Because, above all else, the Divine government looks to the protection of mans freedom, we are confronted by a curious paradox. Man is governed in such a way that he may be free, that is, that he may not be governed. If he is really governed he is not free, and if he is really free he is not governed. The truth is that man is always governed, but so subtly that he appears to be free. The Lords will, His life, His love inflows so secretly that its influx is not perceived. The man feels it as if it had its origin in himself; thus as if it were his own will, his own life, his own love. Yet the truth is that it perpetually inflows, and its influx is constantly under the Lords control. By controlling the influx of His life, the Lord actually governs all things of mans life. So regarded, human freedom is only an appearance.

However, the love that is insinuated is not single but double. Man feels it as two opposite loves, between which the Lord preserves a perfect balance or equilibrium. Man is empowered by the Lord, nay, he is required to choose between these two opposites. In reference to this choice his freedom is not an appearance but a reality.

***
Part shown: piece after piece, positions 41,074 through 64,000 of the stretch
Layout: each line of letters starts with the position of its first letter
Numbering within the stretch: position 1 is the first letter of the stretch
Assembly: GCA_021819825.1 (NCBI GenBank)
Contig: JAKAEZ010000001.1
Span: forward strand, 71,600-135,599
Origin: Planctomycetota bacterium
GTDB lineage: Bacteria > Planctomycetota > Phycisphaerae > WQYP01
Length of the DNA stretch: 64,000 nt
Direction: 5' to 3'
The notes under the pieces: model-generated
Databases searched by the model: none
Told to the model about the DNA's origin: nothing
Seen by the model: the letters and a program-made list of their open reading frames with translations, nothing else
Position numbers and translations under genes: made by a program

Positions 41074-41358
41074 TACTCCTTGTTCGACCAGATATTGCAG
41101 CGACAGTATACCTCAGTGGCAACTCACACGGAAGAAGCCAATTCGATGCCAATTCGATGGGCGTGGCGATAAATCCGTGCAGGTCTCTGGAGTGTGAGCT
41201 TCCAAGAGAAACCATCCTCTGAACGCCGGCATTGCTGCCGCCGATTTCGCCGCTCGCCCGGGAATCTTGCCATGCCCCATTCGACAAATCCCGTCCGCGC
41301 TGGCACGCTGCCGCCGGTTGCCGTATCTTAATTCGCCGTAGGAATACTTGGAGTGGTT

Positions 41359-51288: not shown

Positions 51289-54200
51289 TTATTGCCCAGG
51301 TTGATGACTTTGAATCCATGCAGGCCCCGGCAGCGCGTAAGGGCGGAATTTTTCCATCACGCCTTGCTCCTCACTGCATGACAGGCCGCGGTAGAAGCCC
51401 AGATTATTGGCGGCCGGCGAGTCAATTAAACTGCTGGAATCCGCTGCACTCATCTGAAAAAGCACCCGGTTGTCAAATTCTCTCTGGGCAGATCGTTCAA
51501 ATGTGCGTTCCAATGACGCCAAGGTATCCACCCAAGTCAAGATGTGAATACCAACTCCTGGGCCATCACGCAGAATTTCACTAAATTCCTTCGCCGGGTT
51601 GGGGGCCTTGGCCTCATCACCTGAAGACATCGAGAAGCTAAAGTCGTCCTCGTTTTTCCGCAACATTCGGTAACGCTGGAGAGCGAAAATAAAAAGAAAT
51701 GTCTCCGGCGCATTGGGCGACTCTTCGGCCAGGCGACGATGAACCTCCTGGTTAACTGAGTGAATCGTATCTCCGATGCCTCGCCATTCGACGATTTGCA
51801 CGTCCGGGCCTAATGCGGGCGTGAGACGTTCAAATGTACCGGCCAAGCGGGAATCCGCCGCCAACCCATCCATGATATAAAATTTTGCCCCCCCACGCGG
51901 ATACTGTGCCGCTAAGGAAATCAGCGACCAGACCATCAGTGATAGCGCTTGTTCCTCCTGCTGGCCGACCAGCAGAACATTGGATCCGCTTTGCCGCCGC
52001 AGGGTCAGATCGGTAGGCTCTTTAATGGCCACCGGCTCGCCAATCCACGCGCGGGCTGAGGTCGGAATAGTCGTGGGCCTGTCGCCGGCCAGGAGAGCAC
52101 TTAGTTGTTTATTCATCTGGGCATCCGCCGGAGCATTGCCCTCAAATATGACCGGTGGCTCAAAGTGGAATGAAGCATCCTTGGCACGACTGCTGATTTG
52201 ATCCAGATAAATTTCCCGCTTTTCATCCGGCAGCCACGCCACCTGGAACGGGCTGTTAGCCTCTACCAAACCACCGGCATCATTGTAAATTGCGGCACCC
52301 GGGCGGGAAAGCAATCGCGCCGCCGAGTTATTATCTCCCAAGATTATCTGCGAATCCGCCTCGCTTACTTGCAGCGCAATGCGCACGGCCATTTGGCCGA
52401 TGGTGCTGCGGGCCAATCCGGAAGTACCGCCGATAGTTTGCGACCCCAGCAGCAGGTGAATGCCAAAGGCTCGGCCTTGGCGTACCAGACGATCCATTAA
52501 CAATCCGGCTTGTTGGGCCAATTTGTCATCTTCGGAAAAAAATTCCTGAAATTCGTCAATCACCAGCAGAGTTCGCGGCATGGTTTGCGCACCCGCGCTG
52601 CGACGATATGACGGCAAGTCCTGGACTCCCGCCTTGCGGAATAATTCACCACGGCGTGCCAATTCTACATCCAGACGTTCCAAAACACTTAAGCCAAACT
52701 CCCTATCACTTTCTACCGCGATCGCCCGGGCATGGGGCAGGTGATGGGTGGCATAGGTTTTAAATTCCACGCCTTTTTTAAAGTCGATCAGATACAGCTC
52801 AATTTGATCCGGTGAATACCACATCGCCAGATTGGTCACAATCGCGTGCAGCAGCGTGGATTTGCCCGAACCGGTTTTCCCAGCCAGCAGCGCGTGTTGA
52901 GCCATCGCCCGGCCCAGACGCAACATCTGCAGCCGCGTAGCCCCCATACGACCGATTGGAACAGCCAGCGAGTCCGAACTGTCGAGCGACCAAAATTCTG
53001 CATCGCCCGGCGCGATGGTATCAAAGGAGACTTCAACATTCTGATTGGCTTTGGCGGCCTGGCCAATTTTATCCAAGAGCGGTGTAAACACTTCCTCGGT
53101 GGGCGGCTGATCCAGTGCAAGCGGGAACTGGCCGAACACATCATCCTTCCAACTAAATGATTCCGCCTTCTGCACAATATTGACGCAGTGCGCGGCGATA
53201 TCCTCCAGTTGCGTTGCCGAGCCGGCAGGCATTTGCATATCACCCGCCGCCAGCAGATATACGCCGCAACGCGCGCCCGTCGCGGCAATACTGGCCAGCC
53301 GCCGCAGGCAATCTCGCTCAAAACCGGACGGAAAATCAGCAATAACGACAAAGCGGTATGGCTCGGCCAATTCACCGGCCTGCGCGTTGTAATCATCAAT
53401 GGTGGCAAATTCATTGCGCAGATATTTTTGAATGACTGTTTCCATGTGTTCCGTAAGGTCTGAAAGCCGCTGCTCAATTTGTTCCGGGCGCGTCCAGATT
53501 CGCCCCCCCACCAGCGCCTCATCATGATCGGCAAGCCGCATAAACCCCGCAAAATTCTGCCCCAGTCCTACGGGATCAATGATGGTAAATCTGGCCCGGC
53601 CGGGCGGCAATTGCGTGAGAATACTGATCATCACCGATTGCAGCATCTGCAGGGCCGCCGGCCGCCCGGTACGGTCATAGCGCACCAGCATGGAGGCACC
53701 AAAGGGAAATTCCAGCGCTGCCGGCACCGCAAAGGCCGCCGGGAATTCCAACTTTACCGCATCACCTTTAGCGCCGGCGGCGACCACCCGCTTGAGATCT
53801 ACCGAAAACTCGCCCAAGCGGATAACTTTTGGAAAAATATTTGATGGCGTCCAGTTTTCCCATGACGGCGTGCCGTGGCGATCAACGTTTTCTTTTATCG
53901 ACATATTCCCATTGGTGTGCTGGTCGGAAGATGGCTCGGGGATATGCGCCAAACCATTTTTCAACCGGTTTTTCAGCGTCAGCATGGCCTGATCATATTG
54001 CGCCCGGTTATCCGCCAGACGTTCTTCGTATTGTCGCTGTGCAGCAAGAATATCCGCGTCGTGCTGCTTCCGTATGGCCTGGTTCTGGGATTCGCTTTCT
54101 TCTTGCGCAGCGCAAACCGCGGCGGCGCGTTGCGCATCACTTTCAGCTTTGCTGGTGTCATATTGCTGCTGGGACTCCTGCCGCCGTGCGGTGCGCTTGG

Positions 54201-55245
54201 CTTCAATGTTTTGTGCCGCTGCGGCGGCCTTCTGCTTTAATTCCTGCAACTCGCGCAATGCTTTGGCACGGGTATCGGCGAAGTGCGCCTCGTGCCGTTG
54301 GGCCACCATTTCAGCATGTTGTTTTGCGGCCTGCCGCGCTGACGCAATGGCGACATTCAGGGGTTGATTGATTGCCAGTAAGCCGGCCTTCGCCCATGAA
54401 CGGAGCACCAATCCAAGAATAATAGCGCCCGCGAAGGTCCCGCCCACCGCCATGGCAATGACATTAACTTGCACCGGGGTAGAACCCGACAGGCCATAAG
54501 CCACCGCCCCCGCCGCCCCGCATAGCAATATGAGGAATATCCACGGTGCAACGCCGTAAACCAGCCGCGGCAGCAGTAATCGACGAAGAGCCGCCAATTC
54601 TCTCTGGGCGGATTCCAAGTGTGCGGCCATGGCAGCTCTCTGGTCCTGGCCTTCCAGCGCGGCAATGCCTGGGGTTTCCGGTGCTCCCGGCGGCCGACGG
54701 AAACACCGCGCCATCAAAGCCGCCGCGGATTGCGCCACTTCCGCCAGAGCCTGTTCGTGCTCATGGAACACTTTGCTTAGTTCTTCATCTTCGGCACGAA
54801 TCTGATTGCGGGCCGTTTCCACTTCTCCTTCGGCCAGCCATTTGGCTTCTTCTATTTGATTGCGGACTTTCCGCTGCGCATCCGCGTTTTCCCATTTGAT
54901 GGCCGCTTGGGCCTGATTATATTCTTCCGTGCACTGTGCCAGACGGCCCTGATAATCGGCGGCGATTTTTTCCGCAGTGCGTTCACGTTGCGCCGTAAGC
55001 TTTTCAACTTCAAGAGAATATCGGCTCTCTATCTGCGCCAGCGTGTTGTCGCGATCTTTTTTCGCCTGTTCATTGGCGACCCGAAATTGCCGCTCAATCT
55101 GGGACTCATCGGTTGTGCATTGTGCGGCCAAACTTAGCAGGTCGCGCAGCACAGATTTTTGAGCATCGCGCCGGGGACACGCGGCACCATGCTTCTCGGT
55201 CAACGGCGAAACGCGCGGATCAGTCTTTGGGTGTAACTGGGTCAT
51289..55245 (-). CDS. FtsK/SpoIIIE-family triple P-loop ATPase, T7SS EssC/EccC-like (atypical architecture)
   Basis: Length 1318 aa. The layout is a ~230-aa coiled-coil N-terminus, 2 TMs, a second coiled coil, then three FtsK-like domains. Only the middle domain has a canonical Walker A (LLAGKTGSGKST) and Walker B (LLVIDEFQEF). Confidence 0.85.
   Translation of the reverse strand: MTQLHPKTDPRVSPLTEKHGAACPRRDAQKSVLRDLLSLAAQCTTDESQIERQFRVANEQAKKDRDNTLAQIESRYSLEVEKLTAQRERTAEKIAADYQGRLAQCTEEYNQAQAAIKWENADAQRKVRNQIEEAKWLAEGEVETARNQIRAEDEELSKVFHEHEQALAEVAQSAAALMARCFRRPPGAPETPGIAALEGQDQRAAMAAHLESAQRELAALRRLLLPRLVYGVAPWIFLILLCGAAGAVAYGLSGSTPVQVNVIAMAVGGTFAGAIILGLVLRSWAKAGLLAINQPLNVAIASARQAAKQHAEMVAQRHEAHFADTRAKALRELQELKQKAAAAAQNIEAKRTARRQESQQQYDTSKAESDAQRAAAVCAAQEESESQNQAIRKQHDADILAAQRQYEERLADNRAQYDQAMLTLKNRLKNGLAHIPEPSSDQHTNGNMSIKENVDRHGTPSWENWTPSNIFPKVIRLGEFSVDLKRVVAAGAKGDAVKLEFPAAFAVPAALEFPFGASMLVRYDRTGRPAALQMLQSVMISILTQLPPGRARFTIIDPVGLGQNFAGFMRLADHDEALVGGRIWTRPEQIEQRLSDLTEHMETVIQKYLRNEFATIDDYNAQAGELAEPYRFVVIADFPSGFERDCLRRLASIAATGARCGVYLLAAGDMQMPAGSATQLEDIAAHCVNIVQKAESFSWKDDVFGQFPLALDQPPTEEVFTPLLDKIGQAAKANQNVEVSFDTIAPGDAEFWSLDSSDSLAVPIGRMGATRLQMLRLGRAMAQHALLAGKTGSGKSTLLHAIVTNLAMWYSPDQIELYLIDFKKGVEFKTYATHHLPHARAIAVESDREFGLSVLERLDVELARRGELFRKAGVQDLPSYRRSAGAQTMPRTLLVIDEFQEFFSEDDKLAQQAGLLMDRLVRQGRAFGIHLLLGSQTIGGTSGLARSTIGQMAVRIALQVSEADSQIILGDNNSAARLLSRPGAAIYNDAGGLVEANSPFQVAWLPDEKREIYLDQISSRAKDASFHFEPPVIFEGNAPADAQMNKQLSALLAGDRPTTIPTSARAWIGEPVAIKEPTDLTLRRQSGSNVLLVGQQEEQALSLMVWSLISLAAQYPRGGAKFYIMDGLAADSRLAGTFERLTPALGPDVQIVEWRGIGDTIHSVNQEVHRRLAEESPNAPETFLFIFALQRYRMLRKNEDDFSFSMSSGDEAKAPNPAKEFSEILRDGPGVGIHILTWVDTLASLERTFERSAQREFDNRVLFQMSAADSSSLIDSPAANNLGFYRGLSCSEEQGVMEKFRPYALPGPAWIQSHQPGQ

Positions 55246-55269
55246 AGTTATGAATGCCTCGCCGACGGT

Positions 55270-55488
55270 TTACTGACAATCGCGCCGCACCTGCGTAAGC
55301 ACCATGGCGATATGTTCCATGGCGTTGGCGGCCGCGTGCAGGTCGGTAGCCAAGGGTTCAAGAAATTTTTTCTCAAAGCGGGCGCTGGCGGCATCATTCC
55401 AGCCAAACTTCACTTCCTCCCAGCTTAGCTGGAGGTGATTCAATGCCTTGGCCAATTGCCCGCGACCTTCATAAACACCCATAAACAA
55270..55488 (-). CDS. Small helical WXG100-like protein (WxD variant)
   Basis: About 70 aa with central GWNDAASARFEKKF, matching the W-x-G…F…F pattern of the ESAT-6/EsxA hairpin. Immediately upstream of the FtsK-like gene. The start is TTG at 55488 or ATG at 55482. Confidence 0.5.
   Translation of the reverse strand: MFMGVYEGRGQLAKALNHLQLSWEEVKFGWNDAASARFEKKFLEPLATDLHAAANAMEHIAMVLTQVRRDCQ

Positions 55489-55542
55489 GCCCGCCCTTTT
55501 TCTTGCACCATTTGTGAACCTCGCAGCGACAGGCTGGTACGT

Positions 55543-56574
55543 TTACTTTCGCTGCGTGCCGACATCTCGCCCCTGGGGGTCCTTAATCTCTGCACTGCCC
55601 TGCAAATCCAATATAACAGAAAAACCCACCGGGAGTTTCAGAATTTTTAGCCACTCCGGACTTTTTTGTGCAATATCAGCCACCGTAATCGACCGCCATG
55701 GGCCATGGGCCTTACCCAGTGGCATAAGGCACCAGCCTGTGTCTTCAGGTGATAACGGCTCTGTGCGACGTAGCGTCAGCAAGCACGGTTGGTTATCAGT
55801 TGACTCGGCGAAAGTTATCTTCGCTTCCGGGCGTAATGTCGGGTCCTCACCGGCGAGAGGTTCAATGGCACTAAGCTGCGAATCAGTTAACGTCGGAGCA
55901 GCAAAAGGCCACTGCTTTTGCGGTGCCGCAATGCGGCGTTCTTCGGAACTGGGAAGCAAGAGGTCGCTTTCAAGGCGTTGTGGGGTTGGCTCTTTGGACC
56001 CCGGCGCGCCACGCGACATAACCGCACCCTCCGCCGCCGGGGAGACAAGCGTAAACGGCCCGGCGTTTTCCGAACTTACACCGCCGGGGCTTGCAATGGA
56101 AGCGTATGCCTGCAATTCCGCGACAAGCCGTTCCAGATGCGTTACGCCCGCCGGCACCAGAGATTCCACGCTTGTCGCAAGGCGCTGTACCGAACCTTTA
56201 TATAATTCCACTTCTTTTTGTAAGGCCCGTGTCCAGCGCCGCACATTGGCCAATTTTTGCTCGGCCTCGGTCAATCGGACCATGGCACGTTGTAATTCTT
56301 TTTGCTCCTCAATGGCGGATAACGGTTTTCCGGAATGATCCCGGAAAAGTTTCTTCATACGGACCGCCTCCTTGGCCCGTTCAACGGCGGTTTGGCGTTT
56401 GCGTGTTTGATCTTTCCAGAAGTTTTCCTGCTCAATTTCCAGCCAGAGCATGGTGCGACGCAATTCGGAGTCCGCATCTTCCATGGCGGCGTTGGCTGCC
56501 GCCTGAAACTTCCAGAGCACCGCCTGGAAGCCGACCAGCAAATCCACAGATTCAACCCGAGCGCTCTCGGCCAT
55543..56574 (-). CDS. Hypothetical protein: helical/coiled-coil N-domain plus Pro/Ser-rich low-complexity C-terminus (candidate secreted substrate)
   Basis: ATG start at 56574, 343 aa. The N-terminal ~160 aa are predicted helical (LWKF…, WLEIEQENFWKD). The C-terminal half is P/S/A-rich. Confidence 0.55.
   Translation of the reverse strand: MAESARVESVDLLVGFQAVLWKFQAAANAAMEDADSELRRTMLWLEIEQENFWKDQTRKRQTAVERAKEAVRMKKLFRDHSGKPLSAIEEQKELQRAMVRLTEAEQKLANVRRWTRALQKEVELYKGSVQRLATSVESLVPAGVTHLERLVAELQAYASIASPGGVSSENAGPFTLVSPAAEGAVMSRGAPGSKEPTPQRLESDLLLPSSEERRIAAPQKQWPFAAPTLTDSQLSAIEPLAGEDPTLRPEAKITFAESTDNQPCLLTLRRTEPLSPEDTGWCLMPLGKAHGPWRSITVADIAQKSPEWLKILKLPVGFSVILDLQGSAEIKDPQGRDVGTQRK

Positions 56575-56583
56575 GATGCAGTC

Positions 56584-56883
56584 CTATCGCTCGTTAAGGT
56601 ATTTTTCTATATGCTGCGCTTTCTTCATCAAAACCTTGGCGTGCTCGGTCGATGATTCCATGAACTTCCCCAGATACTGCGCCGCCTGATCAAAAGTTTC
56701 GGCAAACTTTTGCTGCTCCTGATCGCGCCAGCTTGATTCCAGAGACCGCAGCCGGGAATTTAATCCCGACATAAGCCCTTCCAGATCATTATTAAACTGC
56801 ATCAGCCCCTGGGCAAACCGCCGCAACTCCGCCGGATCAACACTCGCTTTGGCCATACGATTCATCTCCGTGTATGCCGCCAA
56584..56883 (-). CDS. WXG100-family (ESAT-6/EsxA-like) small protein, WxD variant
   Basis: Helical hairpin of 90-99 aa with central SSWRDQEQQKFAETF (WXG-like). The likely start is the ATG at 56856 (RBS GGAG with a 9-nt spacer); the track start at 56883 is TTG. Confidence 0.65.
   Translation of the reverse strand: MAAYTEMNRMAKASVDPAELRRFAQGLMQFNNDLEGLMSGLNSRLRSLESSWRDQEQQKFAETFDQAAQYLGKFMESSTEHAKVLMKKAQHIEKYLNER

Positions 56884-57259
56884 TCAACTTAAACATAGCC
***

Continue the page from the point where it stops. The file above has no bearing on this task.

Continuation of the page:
PRINCIPLES OF GOVERNMENT p. 20 The Lord provides for this freedom, preserves it when possible, and restores it repeatedly when it is momentarily lost. This is the perpetual operation of the Divine Providence.

It should be noted, however, that real freedom is an attribute, not of natural life but of spiritual life. Some appearance of freedom exists in all things of nature. In it resides the image of God. This appearance grows stronger and more perfect as we ascend the scale from the mineral, through the vegetable and animal kingdoms, up to man. Yet even man, as to all the functions of his natural life, the life of his body and brain, is only apparently free. He is continually under the government of irrevocable and inescapable laws--the laws of nature, of physics, chemistry and mechanics, the laws of health, of social, civil and moral life. The violation of these laws carries with it its own remedial penalties. Thus, as to natural things, man is beset on every hand by necessities. He is subject to the limitation of physical strength, of space, of time, of climate, of wealth, and of human restrictions imposed by others. The same applies to all the functions of spiritual life, to the operations of the mind. Man is born with innate faculties, with hereditary tendencies, with specific abilities, all strictly limited, and beyond which he cannot go. The laws governing his spiritual life, the laws of influx, of reformation, of regeneration, are just as exact and as inescapable as natural laws.